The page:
In article <dmn9vf$i7r$1@digitaldaemon.com>, BCS says...
>
>In article <dmmhfc$2m8p$1@digitaldaemon.com>, Don Clugston says...
>>
>..
>
>>
>>All the mangling information is present in a mangled string, but I don't 
>>know any way to find out what the function arguments are.
>>Suppose T is a function pointer type.
>>
>>R function (P1, P2, P3)
>>
>>What are R, P1, P2, P3 ? You can work out what R is, using
>>is(T R : function)
>>which gives you the type of the return value.
>>In C++, you can find out what P1, P2, P3 are, by using implicit template 
>>instantiation. But in D, I don't even know how I can work out how many 
>>parameters there are. (Maybe there is, and I've just missed it).
>>
>
>
>Another similar problem comes up with function pointers to overloaded functions,
>e.g. you can't tell witch function is being used without knowing the type. 
>
>DMD currently just picks one of the function. (For an example see
>http://www.digitalmars.com/drn-bin/wwwnews?digitalmars.D.bugs/5671 )
>
>

Does anyone know of plans for including reflection in the language?  It seems
like there's a lot of pieces and groudwork for it already, but maybe having a
standard library that uses these pieces would be beneficial for D and would
round out that feature in a consistent api; or maybe those other pieces just
need to be filled out more.

-Kramer
December 01, 2005
Re: DMD 0.140: Pure magic! ~ unofficial features?
This is great stuff.

If there were an "official" way to try out features, knowing fully that they 
are liable to change over time, I think it might help in such cases.

For example, if such things were symbolically marked in a manner akin to 
"deprecated", then the compiler would toss out an appropriate message: 
"using speculative feature x". Can't help but wonder if that might "permit" 
some more experimental aspects?

- Kris


"Don Clugston" <dac@nospam.com.au> wrote in message 
news:dmmn7h$2rhm$1@digitaldaemon.com...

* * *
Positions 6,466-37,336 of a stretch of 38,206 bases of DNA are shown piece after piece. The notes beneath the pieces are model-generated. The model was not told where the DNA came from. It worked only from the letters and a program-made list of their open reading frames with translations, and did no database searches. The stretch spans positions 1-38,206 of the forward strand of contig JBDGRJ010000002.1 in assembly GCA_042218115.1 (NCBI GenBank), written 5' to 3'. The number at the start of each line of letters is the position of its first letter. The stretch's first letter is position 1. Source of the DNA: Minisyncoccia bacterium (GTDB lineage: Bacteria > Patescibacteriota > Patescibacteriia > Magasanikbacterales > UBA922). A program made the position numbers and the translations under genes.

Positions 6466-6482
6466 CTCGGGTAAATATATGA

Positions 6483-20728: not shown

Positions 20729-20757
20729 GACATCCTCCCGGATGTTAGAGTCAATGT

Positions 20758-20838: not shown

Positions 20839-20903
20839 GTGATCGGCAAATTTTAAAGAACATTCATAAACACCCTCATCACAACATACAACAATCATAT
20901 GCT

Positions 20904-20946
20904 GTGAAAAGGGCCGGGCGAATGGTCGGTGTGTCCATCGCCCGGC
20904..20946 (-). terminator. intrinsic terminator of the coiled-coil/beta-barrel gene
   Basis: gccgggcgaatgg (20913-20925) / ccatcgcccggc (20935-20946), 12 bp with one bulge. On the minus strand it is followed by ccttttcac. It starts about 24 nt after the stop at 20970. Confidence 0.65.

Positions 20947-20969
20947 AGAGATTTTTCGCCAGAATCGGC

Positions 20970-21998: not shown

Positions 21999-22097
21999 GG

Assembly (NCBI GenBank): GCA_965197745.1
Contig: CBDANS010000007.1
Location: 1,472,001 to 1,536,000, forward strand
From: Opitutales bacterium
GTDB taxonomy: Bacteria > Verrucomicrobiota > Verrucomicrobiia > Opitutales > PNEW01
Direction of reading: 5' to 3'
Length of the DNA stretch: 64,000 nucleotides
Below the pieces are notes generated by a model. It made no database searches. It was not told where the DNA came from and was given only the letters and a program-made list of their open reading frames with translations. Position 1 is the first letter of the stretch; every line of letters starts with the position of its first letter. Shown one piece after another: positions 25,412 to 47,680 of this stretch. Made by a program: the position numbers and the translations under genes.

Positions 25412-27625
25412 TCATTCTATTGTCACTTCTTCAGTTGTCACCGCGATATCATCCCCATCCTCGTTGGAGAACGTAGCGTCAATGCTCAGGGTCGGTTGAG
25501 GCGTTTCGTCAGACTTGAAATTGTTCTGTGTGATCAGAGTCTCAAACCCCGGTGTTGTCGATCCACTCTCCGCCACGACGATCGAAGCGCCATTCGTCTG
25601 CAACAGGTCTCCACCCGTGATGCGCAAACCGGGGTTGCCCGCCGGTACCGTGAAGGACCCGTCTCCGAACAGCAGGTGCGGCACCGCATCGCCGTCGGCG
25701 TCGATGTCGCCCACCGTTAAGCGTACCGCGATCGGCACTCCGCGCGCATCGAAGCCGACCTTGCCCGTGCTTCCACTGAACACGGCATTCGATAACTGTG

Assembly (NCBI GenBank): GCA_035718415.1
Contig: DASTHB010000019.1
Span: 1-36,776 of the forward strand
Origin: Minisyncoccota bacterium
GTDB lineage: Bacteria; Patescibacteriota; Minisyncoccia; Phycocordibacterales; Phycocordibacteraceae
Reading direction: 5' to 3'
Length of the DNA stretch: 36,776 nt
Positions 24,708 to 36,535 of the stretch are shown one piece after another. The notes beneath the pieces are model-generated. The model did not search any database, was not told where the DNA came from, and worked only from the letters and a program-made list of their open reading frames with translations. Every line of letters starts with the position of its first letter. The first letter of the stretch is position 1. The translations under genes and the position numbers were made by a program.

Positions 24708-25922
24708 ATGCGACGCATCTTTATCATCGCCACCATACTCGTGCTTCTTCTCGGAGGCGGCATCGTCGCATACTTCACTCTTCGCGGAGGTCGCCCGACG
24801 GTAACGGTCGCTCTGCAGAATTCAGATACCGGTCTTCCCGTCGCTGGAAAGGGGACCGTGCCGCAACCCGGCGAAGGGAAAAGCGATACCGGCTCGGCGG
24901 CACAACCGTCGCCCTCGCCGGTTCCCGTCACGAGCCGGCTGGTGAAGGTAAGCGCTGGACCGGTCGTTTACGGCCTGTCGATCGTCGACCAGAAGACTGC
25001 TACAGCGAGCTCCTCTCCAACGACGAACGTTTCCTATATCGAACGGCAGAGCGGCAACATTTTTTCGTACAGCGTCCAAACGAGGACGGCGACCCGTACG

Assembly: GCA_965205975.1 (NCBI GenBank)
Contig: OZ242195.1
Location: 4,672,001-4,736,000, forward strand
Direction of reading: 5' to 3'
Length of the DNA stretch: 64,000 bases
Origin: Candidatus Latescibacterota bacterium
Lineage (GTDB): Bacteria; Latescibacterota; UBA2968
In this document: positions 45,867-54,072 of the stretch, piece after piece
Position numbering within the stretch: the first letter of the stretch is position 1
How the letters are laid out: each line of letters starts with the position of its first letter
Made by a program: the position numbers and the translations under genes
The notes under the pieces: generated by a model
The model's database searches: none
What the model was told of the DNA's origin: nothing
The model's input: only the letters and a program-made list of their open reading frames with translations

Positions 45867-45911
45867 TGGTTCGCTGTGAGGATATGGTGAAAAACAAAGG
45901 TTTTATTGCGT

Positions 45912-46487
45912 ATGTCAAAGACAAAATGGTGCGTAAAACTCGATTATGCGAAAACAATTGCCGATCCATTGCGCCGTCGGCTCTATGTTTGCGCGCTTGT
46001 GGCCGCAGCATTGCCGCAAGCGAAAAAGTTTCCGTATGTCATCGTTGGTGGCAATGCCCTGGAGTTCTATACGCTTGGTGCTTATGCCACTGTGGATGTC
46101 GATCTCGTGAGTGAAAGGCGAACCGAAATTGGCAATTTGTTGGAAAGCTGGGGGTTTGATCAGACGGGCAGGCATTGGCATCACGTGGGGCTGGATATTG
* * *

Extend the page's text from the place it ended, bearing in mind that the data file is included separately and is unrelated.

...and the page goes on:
> Walter Bright wrote:
>> "Don Clugston" <dac@nospam.com.au> wrote in message
>>>Now, a simple-to-implement way of doing this, and ensuring that all
>>>presnt and future types are covered, would be to include a
>>>__mangletypeof() function or property, valid for any type, which
>>>converts a type to a const char[], using exactly the same mangling
>>>algorithm which is used by the linker for individual types.
>>>So that std.demangle(__mangletypeof(int)) would return "int".
>>
>>
>> That's a good idea. The mangletypeof, however, should probably be a 
>> method
>> of TypeInfo. The nice thing about making this a standard method is that 
>> code
>> will be inured against mangling changes. Or do you mean it should be a
>> compile-time function?
>
> The idealist in me says: A compile-time function, analagous to typeof(), 
> would be a whole lot more fun :) And I don't think it would often be 
> required at runtime. There is the "enough rope" issue, though. It is a 
> feature that is a bit too nasty to be easily accessable.
>
> It would be ideal if const char [] typeof(T).mangletypeof (and 
> typeof(T).name) were accessable at compile-time, but I don't see how that 
> could work, unless parts of typeinfo became a template. Gets tricky.
>
> The pragmatist in me says: A runtime function would probably be adequate 
> for almost all applications, and implicit function templates could be used 
> for the remainder, when they become available.
>
>>>Could also be done from a library, if we had implicit function template
>>>instantiation. But I'm guessing that's not coming any time soon.
>>
>> It would if I'd only stop doing other stuff <g>.
>
> Aha! Sounds like it's not a post-1.0 feature, then? (whatever 1.0 means 
> :-) ). But it's all good.
December 01, 2005
Re: DMD 0.140: Pure magic! ~ unofficial features?
Kris wrote:
> This is great stuff.
> 
> If there were an "official" way to try out features, knowing fully that they 
> are liable to change over time, I think it might help in such cases.
> 
> For example, if such things were symbolically marked in a manner akin to 
> "deprecated", then the compiler would toss out an appropriate message: 
> "using speculative feature x". Can't help but wonder if that might "permit" 
> some more experimental aspects?

Something like that could be useful.  It would even prevent the need for 
new namespaces for library updates to differentiate between standard and 
proposed features (I'm thinking of std::tr1 in C++ here).


Sean
December 01, 2005
Re: DMD 0.140: Pure magic!
Don Clugston wrote:
<snip>

> Musing...
> 
> Now, a simple-to-implement way of doing this, and ensuring that all 
> presnt and future types are covered, would be to include a 
> __mangletypeof() function or property, valid for any type, which 
> converts a type to a const char[], using exactly the same mangling 
> algorithm which is used by the linker for individual types.
> So that std.demangle(__mangletypeof(int)) would return "int".
> 
> Note: if there was some kind of __demangletypeof() as well, we would 
> have well-supported typelists by the backdoor -- mangle the types, 
> perform string manipulations on them, and demangle when you're done. But 
> perhaps this is all far, far too much rope...